Phylogenetic constraints in the muscular system of rotifer males: investigation on the musculature of males versus females of Brachionus manjavacas and Epiphanes senta (Rotifera, Monogononta)


  • Editor: Andrew Kitchener

Francesca Leasi, Department of Biology, University of Milan, Via Celoria 26, I-20133 Milan, Italy.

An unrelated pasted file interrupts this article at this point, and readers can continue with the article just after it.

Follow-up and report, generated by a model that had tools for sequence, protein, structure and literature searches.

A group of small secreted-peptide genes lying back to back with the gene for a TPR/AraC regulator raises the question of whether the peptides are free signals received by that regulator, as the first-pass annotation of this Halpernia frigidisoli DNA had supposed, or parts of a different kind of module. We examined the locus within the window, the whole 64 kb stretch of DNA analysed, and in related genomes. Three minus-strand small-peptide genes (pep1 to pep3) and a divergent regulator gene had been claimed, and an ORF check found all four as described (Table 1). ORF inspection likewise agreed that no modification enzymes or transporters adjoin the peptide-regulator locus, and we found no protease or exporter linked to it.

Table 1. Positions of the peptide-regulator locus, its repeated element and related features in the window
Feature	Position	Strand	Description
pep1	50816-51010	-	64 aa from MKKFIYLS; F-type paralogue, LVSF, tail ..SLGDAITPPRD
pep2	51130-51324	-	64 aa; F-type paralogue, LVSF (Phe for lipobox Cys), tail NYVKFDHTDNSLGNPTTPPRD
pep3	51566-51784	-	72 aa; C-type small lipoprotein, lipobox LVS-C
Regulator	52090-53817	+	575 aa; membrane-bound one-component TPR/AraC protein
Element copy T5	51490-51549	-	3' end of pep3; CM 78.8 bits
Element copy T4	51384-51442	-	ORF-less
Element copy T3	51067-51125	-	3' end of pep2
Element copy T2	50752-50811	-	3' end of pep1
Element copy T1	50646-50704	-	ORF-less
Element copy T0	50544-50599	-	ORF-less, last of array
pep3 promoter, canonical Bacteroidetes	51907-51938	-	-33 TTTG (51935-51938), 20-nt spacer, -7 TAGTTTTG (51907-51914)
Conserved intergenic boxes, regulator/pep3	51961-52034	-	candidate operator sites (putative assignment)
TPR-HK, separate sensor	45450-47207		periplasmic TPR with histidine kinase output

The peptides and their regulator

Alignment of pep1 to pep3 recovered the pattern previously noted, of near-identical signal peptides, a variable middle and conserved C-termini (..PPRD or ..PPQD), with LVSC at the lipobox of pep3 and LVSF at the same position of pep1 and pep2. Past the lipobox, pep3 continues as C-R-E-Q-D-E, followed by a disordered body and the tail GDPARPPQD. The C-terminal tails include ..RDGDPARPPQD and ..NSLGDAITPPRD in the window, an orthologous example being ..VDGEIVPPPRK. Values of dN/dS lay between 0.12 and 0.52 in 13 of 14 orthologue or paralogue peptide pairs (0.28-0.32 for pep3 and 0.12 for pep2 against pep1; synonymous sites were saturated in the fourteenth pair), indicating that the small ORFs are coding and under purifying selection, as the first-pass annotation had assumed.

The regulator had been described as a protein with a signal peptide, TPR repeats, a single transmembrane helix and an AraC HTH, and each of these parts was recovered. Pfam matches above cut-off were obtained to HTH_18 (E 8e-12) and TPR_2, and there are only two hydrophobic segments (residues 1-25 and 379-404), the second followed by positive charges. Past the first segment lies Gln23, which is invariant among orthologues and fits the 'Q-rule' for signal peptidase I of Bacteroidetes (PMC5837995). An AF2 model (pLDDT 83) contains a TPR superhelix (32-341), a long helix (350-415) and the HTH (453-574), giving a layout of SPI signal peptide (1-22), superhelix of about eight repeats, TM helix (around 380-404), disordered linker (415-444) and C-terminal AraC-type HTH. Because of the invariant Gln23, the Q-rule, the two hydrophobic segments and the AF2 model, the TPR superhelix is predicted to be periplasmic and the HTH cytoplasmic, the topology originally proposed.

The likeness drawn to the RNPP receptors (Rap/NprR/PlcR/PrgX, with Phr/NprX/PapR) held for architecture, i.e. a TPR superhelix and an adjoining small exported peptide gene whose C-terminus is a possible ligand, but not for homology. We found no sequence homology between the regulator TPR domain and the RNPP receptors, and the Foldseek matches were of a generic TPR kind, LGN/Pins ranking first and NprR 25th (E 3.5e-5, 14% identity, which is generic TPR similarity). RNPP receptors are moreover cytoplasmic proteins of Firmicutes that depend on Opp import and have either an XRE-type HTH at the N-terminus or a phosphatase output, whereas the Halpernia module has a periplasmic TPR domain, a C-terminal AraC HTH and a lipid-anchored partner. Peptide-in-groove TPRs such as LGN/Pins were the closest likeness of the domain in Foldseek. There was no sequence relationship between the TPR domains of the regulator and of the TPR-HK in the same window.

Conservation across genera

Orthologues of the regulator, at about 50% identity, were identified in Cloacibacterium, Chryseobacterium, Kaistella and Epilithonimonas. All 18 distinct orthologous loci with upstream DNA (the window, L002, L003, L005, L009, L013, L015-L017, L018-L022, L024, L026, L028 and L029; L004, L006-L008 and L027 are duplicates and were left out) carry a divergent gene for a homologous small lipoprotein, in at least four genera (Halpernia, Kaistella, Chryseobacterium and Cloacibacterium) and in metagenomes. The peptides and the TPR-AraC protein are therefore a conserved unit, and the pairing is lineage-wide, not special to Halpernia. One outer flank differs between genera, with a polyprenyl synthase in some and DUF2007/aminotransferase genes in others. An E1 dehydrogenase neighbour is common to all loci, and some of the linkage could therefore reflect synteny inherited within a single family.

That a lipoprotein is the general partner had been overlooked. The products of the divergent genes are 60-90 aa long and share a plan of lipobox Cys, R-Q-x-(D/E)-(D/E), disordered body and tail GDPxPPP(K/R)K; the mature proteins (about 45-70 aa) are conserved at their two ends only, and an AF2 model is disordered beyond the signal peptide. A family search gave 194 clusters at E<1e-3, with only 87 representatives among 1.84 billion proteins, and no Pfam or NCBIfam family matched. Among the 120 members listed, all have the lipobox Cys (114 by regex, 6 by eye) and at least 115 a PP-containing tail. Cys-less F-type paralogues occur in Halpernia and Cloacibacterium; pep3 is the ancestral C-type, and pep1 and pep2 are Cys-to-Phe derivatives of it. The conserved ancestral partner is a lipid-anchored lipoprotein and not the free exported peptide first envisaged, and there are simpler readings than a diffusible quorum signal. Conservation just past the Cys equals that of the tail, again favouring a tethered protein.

Sexual dimorphism is characteristic of monogonont rotifers, but at present, most investigations on the evolution of morphology within Monogononta have focused exclusively on females, with only minor taxonomic comments on the male structure. Here, we make the first detailed comparison of female and male morphology by examining their muscular organization, with the aim of understanding how factors such as phylogeny, habitat and the structural rigidity of the body wall determine the muscle arrangement patterns. We compare the musculature of both females and males in Brachionus manjavacas and Epiphanes senta. Generally, rotifer males have a similar ecology that may be different from the conspecific females. Thus, we analysed muscles of conspecific females and males with different ecology, namely habitat and/or different stiffness of the lorica. Females of B. manjavacas are loricate and planktic, while E. senta females are illoricate, can be found in the plankton, but have a lifestyle much related to a substrate. Males are in both species free swimmers and without a stiff lorica. Visceral muscles are present in the digestive (only in females) and reproductive apparatus (only in males). Somatic musculature comprises inner longitudinal and outer circular muscles. Major differences are discernible among circular muscle states: B. manjavacas has dorsoventral bands, while E. senta possesses muscles that are ventrally incomplete. The same condition occurs in both sexes. Results from analyses on female rotifers support that the circular arrangement is a variable trait that mainly reflects morpho-ecological adaptations, potentially related to the development of a lorica. The presence of an identical condition in the conspecific males, independently of their ecology, suggests, however, that this variability may be limited by evolutionary and developmental constraints. Further investigations should be required to clarify whether males have different arrangements from their females, and thus whether their musculature may be informative for phylogeny within monogononts.